Eddie Jones

The Longhorns don’t play with passion. Senior defensive end Eddie Jones can hook his horns and sing “Texas Fight” after losing to Iowa State and his fellow end Sam Acho can pump his fist after making a tackle, but as a whole, the team does not play with a passion or a purpose.

And head coach Mack Brown knows it. He could feel it in August.

“I worry about this team,” Brown said. “On the first Wednesday scrimmage we had this year, I said that we didn’t see the emotion from players.”

Because the Longhorns have had nine consecutive 10-win seasons, they assumed this year wouldn’t be any different. But things aren’t looking so rosy right now and the players are learning that just because they wear a longhorn on their helmets doesn’t mean wins are guaranteed. This season, entitlement won’t get them anywhere. It’s going to take more dedication and energy than ever before.

As the old saying goes, “You play how you practice,” and junior receiver Malcolm Williams admitted that the energy levels have been lower than usual at practice all year.

“It’s been there at times, but it’s been more sketchy,” Williams said. “Some days it’s there, others it’s not and in the past, it’s always been there. We always found a way to bring it. Even at 6 a.m. practices we found a way.”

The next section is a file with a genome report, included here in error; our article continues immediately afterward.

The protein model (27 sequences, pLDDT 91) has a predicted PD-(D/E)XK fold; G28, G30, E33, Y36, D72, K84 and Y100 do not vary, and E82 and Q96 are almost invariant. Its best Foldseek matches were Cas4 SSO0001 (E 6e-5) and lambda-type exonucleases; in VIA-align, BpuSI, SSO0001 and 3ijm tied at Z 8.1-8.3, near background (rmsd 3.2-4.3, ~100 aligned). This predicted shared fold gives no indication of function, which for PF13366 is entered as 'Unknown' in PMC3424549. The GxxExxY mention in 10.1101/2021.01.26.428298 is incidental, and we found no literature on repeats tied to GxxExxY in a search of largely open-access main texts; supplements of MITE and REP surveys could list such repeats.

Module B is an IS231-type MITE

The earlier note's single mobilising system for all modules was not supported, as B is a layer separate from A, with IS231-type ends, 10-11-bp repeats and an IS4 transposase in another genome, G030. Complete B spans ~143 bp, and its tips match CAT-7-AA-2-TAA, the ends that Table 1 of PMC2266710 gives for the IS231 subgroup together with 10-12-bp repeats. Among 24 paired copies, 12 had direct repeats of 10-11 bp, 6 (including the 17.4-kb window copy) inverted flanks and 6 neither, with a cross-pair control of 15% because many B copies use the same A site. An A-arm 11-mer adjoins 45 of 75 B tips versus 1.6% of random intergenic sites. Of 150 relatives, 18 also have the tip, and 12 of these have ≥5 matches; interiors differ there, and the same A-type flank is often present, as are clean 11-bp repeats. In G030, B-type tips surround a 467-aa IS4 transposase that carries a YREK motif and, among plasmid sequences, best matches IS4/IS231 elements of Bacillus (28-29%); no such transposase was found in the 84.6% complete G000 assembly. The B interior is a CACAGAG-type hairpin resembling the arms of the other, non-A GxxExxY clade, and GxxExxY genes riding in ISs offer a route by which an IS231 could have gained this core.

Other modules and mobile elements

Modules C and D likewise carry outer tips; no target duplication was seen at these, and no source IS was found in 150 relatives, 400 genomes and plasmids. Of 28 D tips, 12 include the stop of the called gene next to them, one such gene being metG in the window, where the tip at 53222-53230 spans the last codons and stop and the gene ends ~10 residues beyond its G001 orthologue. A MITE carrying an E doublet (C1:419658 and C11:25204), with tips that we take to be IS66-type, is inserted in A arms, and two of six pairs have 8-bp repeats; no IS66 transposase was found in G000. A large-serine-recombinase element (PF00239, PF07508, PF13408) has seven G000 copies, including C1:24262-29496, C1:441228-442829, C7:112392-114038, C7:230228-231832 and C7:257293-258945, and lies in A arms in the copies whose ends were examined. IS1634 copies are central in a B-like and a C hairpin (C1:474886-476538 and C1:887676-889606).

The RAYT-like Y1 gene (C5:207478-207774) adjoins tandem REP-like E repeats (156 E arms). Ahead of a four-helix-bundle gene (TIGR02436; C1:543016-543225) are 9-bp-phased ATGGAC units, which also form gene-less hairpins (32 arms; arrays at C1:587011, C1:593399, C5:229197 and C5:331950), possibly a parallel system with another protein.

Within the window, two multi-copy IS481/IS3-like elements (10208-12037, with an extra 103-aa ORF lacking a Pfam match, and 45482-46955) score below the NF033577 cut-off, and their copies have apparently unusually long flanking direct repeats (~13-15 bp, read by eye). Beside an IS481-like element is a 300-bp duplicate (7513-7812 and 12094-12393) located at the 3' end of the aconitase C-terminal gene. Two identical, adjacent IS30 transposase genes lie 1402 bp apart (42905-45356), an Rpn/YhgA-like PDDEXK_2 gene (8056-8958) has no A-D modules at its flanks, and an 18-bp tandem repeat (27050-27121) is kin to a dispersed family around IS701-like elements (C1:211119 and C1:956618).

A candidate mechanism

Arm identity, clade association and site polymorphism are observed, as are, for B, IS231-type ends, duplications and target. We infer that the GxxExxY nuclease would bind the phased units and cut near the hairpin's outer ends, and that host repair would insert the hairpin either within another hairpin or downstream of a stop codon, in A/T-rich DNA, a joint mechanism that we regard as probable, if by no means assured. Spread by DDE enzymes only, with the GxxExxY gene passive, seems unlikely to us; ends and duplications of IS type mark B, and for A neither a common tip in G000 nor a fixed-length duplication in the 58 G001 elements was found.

The enthusiasm was there in the past because of leadership. Players like Roy Miller, Brian Orakpo and Colt McCoy never would have stood for indifference. In fact, those players were ready to call out their teammates if need be.

Brown recalled the 2008 Fiesta Bowl when Texas was about to play Ohio State. He was worried his team didn’t have an edge in pre-game, but then he heard a lot of commotion coming from the locker room.

“I heard all this ruckus and I turned to [strength and conditioning coach Jeff Madden] and I say, ‘Jeff, something’s happening in there, go see what’s going on. It sounds like a fight,’” Brown said. “So he goes in and walks back out with a smile on his face and he says, ‘Uh, no coach, it’s Roy [Miller]. He’s just getting everyone ready to play.’ He was throwing trash cans and screaming.”

This team may not be the type to throw trash cans, but a few players discussed what they are going to do this week to change the overall attitude.

“Now is the time where it’s not a time to be comfortable,” he said. “Everybody has to get out of their comfort zone whether that’s in their leadership styles or in their style of play. You have to be uncomfortable in order to grow.”